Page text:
An Amazing iPhone App You’re Not Using (But You Should Be)

myEcho - dictation app for iPhone & Windows

myEcho is an iPhone app that can take your dictation and insert it into any Windows program. It’s remarkably accurate, it’s easy to use, and, oh yes, it only costs $1.99.

If you’ve spent any time trying to set up dictation in Windows, you might appreciate the awesomeness of that achievement. myEcho is modest and limited and might not replace Dragon Naturally Speaking as your primary dictation program, but it’s a lot easier to get started with and it makes a great demonstration of the power of cloud computing. (It’s iPhone only; no Android version.)

myEcho is a side project by Scott Hanselman, a Microsoft engineer who’s one of those talented and smart people who make the rest of us feel a bit inadequate – he’s Principal Program Manager for Microsoft Azure, Microsoft’s huge cloud server project, as well as a programmer, lecturer, podcaster, author, and a few other things too.

The cloud is powering a revolution in dictation. Apple, Microsoft, Google, and Amazon are all doing variations on the same trick: when you talk to Siri (iPhone), Cortana (Windows), an Android device, or an Amazon Echo, your words are sent up to the cloud and analyzed by huge computers that are getting smarter about spoken words every day. The results are sent back to your device so quickly that it seems instantaneous. That’s completely different than the way Dragon works on a computer; Dragon is isolated, analyzing your speech and checking a database on your computer with no access to huge online servers, which means Dragon works with a much more limited source of information and does a much slower analysis.

The result is that dictation today on a mobile device is startlingly accurate. It’s becoming commonplace to dictate email and text messages and to do web searches on a phone by asking a question out loud. We may start to do the same thing with Cortana on our computers running Windows 10 if there’s a microphone nearby (as there is on every laptop).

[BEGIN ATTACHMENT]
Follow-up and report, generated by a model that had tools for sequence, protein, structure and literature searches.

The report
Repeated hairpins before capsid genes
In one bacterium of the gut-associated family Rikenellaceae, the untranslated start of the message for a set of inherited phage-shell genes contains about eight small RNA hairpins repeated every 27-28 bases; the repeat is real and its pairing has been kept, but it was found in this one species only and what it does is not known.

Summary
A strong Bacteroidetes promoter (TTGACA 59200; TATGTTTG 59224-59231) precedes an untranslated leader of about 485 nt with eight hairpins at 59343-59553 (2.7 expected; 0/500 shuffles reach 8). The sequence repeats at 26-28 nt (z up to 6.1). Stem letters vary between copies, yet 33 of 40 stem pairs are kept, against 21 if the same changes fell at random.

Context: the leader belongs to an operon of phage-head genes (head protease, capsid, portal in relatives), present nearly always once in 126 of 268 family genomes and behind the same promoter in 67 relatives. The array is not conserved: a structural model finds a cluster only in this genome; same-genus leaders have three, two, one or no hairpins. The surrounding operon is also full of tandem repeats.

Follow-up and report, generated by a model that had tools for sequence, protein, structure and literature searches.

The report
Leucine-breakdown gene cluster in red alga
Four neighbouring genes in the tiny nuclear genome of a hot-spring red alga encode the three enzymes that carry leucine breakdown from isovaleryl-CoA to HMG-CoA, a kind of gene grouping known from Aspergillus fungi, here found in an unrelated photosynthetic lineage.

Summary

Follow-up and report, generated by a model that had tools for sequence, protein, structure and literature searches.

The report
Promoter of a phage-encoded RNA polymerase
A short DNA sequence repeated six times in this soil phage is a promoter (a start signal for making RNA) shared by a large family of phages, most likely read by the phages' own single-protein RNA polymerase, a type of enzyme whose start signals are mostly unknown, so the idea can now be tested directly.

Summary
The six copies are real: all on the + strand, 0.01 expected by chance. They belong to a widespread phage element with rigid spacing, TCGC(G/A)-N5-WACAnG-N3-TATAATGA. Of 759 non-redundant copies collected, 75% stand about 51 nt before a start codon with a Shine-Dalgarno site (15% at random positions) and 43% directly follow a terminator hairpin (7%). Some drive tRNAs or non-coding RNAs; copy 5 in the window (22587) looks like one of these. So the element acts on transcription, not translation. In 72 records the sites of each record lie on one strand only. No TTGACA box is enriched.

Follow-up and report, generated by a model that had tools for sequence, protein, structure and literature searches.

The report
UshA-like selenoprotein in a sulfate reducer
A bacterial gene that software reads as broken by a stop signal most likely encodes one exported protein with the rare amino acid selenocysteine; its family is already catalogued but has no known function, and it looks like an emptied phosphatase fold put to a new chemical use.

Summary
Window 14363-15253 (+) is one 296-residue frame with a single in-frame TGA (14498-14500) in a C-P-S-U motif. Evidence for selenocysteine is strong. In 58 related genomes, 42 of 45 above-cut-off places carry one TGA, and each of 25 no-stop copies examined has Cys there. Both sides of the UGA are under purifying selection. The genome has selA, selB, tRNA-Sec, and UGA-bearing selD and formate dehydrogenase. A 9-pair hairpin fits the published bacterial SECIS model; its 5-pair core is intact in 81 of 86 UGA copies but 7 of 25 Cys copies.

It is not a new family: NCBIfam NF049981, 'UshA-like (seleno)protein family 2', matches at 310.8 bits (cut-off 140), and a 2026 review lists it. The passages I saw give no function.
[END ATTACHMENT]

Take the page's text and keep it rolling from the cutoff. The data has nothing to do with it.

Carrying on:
When you use the myEcho app, you’re actually dictating to Siri. It’s Siri that does the online processing of your words and returns them to your phone. Scott Hanselman realized that he could take that transcribed text and redirect it back online, so the text is received by your phone and immediately sent back online to Microsoft Azure servers. Meanwhile, your Windows computer is running a program that tells those Azure servers where to find your computer. In a split second, the text is relayed through Azure and to your computer, where it is pasted into whatever program has the focus at that moment. It’s a clever design that means the app is completely independent of any particular program – dictation can be pasted into Word, Outlook, Gmail, or any other program.

The app is designed so that your text is never read or held by the Microsoft servers relaying it to you. Everything is encrypted and the app developer promises that your privacy is never at risk. It supports every language that Siri recognizes, which is a lot of languages: text can be dictated in English, Spanish, French, Japanese, Chinese, and more. Scott recorded this video to demonstrate how seamless it is to switch between languages using myEcho.

myEcho - dictation app for iPhone / Windows

It’s easy to get started. Download the iPhone app from the Store. Download the Windows app and install it on your computer. Visit this page for the download links and installation instructions.

When you run the Windows app, you’ll see a QR code. When you run the iPhone app, it will automatically turn on your camera and look for a QR code. In seconds, the phone and the computer will be paired.

Once the app is running on your computer, you can minimize it and start another program. Open up Word or start a new message in Outlook or Gmail.

Then grab your iPhone and click the microphone and start talking. Click Done after you’ve said a sentence or two. You’ll see the words appear on the computer immediately.

That’s it. You can speak punctuation marks if you want (“I’d agree with you comma but then we’d both be wrong period”), or insert them with the keyboard. The buffer only holds a hundred words or so – hit the Done button every so often instead of dictating long paragraphs.

myEcho does not load up your computer. When the app is closed it is completely shut down, with no processes left running to slow things down.

It’s very satisfying to try myEcho and who knows, it may become one of the programs you use regularly. At the least, it’s a satisfying glimpse of one of the unexpected ways that the cloud will provide us with new tools.

Oh, worth mentioning – as you’d expect, I wrote most of this article using myEcho.

Take a look if you have an iPhone. And have a wonderful Thanksgiving!